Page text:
Cold War Kids Robbers & Cowards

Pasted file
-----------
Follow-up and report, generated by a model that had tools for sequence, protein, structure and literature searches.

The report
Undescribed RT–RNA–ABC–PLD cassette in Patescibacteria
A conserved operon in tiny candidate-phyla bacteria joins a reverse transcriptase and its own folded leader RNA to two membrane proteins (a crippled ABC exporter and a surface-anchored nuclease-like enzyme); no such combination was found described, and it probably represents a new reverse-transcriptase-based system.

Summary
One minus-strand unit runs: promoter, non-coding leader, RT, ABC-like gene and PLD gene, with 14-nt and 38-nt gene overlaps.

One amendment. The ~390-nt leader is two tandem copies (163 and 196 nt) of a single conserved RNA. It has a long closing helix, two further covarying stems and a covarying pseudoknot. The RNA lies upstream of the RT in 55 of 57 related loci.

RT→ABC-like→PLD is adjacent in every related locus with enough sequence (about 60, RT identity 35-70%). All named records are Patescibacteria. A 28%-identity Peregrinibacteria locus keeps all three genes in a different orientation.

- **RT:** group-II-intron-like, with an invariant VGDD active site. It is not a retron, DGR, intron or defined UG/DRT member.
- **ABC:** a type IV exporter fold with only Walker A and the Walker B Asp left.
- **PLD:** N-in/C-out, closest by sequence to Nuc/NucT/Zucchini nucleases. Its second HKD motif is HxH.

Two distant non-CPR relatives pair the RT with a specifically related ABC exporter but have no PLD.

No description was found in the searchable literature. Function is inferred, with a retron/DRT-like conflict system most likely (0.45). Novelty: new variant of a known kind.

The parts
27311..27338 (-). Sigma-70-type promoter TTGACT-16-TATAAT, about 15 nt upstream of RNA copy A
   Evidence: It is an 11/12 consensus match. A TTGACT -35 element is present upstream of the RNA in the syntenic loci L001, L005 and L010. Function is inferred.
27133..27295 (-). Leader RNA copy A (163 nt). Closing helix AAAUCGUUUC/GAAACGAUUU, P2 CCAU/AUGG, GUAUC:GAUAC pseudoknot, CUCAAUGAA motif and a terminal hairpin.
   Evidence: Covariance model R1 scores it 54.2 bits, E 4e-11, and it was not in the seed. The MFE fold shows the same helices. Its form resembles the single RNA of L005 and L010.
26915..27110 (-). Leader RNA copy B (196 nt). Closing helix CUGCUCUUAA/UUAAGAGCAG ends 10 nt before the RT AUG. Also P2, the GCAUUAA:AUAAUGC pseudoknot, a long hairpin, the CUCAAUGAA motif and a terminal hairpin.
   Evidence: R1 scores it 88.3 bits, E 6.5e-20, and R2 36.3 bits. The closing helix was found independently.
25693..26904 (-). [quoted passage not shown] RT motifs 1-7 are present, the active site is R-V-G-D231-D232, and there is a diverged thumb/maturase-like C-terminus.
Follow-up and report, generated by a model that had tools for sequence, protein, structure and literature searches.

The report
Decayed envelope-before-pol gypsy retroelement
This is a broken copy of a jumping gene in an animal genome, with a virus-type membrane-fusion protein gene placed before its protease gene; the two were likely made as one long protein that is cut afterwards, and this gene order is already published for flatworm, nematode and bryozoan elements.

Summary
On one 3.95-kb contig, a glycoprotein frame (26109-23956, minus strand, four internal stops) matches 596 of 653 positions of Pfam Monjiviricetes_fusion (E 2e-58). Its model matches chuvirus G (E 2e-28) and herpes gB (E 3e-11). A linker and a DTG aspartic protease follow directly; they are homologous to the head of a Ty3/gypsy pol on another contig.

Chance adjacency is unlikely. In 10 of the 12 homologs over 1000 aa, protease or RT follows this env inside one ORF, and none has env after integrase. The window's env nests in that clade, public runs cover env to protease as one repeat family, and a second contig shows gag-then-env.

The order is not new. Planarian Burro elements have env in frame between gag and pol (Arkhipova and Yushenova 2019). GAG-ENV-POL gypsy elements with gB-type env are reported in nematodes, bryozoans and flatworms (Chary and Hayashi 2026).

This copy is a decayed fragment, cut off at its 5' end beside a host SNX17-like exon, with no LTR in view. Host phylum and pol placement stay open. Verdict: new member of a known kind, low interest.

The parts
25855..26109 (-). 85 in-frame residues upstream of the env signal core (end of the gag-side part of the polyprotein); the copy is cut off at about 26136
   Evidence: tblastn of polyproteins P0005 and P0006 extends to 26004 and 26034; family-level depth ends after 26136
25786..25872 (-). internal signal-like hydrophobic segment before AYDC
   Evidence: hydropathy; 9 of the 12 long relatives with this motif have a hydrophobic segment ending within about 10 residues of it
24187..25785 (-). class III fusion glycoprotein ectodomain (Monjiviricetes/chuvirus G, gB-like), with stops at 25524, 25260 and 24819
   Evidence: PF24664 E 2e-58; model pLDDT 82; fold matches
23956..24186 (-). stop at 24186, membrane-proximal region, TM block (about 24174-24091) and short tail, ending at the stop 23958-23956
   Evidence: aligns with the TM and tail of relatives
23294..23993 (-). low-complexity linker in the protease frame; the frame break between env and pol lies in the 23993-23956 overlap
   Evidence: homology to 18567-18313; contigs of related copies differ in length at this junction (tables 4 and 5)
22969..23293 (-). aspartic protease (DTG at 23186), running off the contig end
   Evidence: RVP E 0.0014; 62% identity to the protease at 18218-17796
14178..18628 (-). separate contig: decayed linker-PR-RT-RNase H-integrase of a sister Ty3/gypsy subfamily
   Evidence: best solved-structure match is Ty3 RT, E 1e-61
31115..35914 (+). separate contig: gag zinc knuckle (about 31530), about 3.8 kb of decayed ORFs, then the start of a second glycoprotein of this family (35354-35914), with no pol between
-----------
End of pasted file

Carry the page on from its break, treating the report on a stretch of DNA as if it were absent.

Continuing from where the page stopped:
Released last fall in the U.S., this debut album by these Californians (who met at an evangelical Christian college, of all places) has been floating around as an affordable import but now finally rears its head domestically in Canada. While it feels a little belated (the band have already toured the country a few times), Robbers & Cowards is still well worth a listen despite its imperfections. Existing in an indie rock-centric universe amongst recent luminaries like Clap Your Hands Say Yeah, Sound Team and Tapes ’n Tapes — all of whom they’ve toured with — Cold War Kids share a distinct kinship to those three acts with their slackened guitar riffs, eccentric bearing and the fact that they were blogged about till kingdom came. From behind a piano, singer Nathan Willett assumes the now commonplace vocals indie rockers have fashioned to stand out, which is to yelp and fall in and out of falsetto like every popular front-man these days. He has his work cut out for him though, especially since he could battle Scissor Sisters to the death with such a mighty pitch. His lyrical content stands out even more, with eerie, affecting narratives about a man on death row for killing his sister’s rapist or contemplating the abortion of a pregnancy. It’s all riveting stuff but Willett tends to get a little too preachy, at times, which can spoil the moment if you pay enough attention. It’s hardly as whimsical or consistently engaging as, say, CYHSY but Robbers & Cowards does have "Hang Me Up To Dry,” which is a damn fine song that alone can certainly carry these guys for a while. (Warner)